Scotland faces alcohol apocalypse - Elish Angiolini
SCOTLAND'S top law officer has hinted that she backs an increase in alcohol prices to help prevent a looming "apocalypse" from soaring drink sales.
Elish Angiolini, who is standing down as Lord Advocate in May, said hiking prices was "undoubtedly" a factor in tackling the alcohol problem.
However, she declined to explicitly back minimum pricing, which the SNP government will make a second attempt to introduce if returned to power in May's elections, after its proposals were voted down by opposition MSPs.
Ms Angiolini said the measure was for the Scottish Parliament to decide, but it was "common sense" to make alcohol less widely available.
She said: "I do think that price is a factor in that. I don't think that's a panacea. I think education, culture … but we have tried the continental approach to alcohol of having longer hours and caf culture. I don't think it has worked.
"If you look at the liberalisation of the licensing laws in the mid-Seventies and the consumption of alcohol, there is a very acute increase from that period."
Talking about criminal court cases, the law officer went on: "What I see now, in many of the cases, are both the accused and, indeed, victims purchasing very substantial quantities of very cheap alcohol.
"It could be a variety of the fruit-flavoured ones as well as strong vodka, which is consumed in quantities on a night out, which quite frankly are fatal, and it is a matter of surprise that the individuals are not just witnesses in a case, but that they are actually living to tell the tale.
"I think that that is something which is seen throughout the country, it is a real issue and I think it is a major health issue for young people.
"But from my own very narrow perspective, I think that there is a real apocalypse if we don't actually get to grips with the acceleration of the consumption of alcohol."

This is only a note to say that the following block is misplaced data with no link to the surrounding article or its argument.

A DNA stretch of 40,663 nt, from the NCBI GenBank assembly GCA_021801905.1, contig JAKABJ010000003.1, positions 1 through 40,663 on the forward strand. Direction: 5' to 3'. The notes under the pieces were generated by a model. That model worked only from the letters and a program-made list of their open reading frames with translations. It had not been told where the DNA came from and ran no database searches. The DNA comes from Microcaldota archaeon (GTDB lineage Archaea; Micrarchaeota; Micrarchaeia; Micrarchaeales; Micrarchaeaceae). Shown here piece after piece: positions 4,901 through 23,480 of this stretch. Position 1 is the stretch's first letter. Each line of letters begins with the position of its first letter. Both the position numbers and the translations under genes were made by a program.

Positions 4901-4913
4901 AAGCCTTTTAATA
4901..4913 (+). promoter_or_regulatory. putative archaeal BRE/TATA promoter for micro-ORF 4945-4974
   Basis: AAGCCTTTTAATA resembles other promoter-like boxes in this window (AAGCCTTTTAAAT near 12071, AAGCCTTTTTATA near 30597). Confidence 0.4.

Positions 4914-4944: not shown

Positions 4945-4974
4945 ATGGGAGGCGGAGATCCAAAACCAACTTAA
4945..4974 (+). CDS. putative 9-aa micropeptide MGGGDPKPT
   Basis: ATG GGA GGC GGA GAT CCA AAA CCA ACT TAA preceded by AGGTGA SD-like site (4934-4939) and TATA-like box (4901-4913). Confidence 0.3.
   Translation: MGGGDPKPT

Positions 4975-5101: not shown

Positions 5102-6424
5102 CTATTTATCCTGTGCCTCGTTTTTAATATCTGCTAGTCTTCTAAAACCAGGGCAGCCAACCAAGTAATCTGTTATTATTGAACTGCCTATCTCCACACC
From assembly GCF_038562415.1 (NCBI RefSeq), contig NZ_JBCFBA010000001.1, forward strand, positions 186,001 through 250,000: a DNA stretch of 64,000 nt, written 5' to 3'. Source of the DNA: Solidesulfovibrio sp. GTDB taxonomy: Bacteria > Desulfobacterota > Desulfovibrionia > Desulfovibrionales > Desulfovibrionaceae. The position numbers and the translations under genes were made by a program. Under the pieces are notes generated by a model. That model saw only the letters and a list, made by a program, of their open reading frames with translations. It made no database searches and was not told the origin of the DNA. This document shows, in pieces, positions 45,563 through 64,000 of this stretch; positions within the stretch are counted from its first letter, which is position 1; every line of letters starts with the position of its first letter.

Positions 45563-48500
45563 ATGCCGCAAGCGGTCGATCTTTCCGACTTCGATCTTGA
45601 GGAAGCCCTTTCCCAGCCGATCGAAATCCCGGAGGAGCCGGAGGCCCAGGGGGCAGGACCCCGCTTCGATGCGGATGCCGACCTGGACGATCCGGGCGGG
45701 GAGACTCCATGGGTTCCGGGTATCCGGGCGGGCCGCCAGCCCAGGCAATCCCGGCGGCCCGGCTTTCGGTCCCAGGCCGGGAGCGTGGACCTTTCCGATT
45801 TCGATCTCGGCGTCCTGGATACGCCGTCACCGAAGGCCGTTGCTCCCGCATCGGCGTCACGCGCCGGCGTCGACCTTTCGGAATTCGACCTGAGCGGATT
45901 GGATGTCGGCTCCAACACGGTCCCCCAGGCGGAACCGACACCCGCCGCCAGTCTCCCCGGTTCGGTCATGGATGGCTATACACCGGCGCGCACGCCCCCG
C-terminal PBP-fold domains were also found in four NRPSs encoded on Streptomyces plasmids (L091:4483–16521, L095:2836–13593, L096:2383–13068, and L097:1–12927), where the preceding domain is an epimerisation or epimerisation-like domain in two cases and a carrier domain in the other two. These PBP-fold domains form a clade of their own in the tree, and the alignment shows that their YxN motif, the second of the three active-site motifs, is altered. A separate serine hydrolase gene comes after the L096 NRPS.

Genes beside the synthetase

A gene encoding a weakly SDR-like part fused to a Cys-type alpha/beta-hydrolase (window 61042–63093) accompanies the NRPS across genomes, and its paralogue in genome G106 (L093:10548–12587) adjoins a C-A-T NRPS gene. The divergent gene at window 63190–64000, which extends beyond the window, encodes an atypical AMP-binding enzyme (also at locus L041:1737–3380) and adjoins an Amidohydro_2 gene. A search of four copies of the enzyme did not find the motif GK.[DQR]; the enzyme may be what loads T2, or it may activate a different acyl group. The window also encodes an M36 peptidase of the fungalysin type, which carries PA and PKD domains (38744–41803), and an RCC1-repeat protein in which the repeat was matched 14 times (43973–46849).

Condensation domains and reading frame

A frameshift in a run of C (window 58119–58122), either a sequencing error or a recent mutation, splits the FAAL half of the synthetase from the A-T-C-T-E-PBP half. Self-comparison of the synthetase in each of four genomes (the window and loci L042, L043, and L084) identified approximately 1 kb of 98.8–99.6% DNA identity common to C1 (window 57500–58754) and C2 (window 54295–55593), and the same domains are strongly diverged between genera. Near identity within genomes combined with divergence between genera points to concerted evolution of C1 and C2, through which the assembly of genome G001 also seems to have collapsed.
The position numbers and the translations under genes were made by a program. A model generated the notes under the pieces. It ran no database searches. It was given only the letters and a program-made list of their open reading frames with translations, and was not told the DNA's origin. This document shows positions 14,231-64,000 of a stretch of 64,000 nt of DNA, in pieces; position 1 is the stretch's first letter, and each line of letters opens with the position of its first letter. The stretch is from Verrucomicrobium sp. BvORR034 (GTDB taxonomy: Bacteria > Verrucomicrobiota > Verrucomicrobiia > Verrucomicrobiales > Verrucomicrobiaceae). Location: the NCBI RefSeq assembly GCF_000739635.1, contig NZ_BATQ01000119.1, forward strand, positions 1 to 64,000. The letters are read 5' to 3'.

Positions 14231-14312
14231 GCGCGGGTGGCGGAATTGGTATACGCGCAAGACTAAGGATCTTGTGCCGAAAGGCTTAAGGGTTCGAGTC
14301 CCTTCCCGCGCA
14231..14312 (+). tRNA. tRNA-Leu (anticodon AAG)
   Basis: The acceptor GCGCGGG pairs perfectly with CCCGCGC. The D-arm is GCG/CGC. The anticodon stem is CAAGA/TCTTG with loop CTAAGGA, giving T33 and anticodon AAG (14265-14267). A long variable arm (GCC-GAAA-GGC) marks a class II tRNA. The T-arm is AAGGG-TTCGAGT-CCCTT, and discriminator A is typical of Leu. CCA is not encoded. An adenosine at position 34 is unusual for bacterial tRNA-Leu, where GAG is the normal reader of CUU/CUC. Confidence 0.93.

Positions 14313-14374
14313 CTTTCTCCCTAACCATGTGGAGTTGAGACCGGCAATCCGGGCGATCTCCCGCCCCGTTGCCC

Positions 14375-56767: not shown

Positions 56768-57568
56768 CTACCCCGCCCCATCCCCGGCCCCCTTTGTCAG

Ms Angiolini said in the 1970s the price of alcohol was "prohibitive", with a litre of vodka costing the equivalent today of about 45.
She said alcohol was "ever present" in virtually all violent crime, adding: "Alcohol is undoubtedly the major challenge. I suspect if we could knock the alcohol problem on the head, we could have a significant reduction of crime in this country."
Alcohol groups agreed that measures to tackle the problem were a priority.Jennifer Curran, head of policy and research for Alcohol Focus Scotland, said: "We fully support the calls from the Lord Advocate for urgent action to tackle alcohol-related violence and harm.
"There can be no argument that alcohol plays a part in a significant number of violent crimes in Scotland.
"Lives are being needlessly destroyed, and lost, because of excessive drinking.
"Alcohol-related crime costs our criminal justice and emergency services 385 million each year, not to mention the human costs of 418m. The research evidence connecting the price of alcohol with consumption and harm is undeniable.
"We must to face up to the fact alcohol is now more affordable, more available and is more heavily marketed than at any time over the last 30 years.
"Two-thirds of our alcohol is bought at off-sales for pocket-money prices, encouraging home drinking and 'pre-loading' before an evening on the town. In short, the cheaper the price of alcohol, the more we consume. For the health and wellbeing of everyone in Scotland, robust action must be taken to increase price."
Ms Curran added: "As we approach the Scottish elections, we would urge politicians from all parties to reflect on these comments from the Lord Advocate and to consider again the urgent need for a minimum unit price for alcohol to reduce the devastating effects of excessive drinking fuelled by cheap booze."
Ms Angliolini's comments came days after an NHS Health Scotland report showed Scots were drinking the equivalent of an extra 1.2 litres of pure alcohol annually compared with 15 years ago. The 11 per cent increase to 11.9 litres for everyone 16 and over is the equivalent of an extra four bottles of spirits a year.
The report said more than three in four young offenders were drunk at the time of their offence, while 70 per cent of assaults requiring emergency hospital treatment involved alcohol.
Dr Laurence Gruer, director of public health science at NHS Health Scotland, said: "This report confirms alcohol-related harm in Scotland has increased enormously since the early 1980s. Alcohol-related deaths are three times higher and hospital admissions are four times higher."
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